"The course of true law pertaining to searches and seizures, as enunciated here, has not–to put it mildly–run smooth."
—Chapman v. United States, 365 U.S. 610, 618 (1961) (Frankfurter, J., concurring).
"A search is a search, even if it happens to disclose nothing but the bottom of a turntable."
—Arizona v. Hicks, 480 U.S. 321, 325 (1987)
"For the Fourth Amendment protects people, not places. What a person knowingly exposes to the public, even in his own home or office, is not a subject of Fourth Amendment protection. ... But what he seeks to preserve as private, even in an area accessible to the public, may be constitutionally protected."
—Katz v. United States, 389 U.S. 347, 351 (1967)
“Experience should teach us to be most on guard to protect liberty when the Government’s purposes are beneficent. Men born to freedom are naturally alert to repel invasion of their liberty by evil-minded rulers. The greatest dangers to liberty lurk in insidious encroachment by men of zeal, well-meaning but without understanding.”
—United States v. Olmstead, 277 U.S. 438, 479 (1925) (Brandeis, J., dissenting)
“Liberty—the freedom from unwarranted intrusion by government—is as easily lost through insistent nibbles by government officials who seek to do their jobs too well as by those whose purpose it is to oppress; the piranha can be as deadly as the shark.”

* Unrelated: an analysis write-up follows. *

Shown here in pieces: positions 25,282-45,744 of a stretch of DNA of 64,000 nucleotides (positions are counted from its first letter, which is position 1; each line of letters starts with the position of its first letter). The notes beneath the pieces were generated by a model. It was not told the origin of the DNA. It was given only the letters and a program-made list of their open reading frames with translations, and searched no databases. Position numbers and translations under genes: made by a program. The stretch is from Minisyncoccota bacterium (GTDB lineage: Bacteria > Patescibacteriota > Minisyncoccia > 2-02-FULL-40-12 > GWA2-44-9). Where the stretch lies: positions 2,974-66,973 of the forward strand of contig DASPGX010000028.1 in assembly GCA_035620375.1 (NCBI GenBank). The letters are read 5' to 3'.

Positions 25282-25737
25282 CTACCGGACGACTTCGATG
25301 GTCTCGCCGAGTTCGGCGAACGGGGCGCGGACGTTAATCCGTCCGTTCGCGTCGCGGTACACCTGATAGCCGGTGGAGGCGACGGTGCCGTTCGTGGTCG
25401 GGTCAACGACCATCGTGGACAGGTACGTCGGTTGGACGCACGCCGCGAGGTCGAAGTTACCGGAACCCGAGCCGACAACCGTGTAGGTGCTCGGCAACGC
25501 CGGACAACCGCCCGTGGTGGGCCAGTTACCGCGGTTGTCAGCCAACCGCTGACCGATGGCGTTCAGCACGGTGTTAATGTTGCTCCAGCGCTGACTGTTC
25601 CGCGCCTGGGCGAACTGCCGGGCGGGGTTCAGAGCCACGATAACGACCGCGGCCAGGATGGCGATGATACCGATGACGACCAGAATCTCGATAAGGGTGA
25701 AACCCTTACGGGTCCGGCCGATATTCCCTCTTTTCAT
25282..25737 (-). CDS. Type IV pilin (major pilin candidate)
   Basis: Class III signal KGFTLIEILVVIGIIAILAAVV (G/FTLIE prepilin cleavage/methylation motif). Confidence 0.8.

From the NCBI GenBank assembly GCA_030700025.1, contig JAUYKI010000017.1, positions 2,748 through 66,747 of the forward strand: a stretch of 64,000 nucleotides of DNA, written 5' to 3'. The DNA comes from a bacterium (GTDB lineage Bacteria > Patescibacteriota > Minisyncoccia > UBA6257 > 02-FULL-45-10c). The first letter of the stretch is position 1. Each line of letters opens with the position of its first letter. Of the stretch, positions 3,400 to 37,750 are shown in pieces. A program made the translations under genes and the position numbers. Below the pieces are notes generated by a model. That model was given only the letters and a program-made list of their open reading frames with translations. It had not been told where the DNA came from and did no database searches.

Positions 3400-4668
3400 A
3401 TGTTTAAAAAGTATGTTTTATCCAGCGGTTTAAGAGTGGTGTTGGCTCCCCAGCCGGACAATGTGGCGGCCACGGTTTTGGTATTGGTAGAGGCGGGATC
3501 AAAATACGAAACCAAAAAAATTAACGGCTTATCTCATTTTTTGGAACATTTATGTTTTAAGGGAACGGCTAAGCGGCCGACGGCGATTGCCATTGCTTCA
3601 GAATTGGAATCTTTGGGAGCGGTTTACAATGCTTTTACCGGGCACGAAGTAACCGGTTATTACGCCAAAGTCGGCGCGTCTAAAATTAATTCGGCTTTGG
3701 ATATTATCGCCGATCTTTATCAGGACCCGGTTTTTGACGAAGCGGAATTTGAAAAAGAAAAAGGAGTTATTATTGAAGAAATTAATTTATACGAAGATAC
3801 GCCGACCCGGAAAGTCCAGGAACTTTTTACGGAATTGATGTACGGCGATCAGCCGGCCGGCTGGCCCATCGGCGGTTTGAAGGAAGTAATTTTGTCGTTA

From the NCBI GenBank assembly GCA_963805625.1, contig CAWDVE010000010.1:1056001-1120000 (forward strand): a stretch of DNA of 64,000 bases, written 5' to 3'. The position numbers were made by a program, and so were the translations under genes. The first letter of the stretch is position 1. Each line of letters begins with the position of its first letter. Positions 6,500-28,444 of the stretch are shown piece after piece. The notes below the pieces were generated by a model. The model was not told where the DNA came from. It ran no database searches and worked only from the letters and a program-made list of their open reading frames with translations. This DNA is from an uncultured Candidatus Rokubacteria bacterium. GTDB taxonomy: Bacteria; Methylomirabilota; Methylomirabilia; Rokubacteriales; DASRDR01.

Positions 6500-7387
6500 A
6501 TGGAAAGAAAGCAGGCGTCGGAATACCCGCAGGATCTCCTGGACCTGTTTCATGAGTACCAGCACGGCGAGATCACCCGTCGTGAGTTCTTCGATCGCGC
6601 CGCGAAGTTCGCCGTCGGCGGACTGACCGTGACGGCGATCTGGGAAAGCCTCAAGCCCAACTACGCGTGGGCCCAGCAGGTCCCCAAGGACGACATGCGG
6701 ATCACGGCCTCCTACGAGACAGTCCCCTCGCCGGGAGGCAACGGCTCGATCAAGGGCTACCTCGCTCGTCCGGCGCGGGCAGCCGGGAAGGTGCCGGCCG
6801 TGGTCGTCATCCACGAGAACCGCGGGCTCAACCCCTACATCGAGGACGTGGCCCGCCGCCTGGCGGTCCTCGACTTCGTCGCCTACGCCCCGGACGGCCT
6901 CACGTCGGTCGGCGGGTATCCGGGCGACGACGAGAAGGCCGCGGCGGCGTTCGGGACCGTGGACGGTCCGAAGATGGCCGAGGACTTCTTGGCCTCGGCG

—United States v. $124,570, 873 F.2d 1240, 1246 (9th Cir. 1989)
"You can't always get what you want / But if you try sometimes / You just might find / You get what you need."
—Mick Jagger & Keith Richards
"In Germany, they first came for the communists, and I didn't speak up because I wasn't a communist. Then they came for the Jews, and I didn't speak up because I wasn't a Jew. Then they came for the trade unionists, and I didn't speak up because I wasn't a trade unionist. Then they came for the Catholics and I didn't speak up because I wasn't a Catholic. Then they came for me–and by that time there was nobody left to speak up."
—Martin Niemöller (1945) [he served seven years in a concentration camp]
“You know, most men would get discouraged by now. Fortunately for you, I am not most men!”"The point of the Fourth Amendment, which often is not grasped by zealous officers, is not that it denies law enforcement the support of the usual inferences which reasonable men draw from evidence. Its protection consists in requiring that those inferences be drawn by a neutral and detached magistrate instead of being judged by the officer engaged in the often competitive enterprise of ferreting out crime."
---Pepé Le Pew
—Johnson v. United States, 333 U.S. 10, 13-14 (1948)
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Category Archives: Administrative search
The seizure of plaintiff’s vehicles off his property without an opportunity to defend against it was an unreasonable seizure. Defendants don’t get qualified immunity. There was no action in court for plaintiff to resort to, so Rooker-Feldman doesn’t apply. Hamilton … Continue reading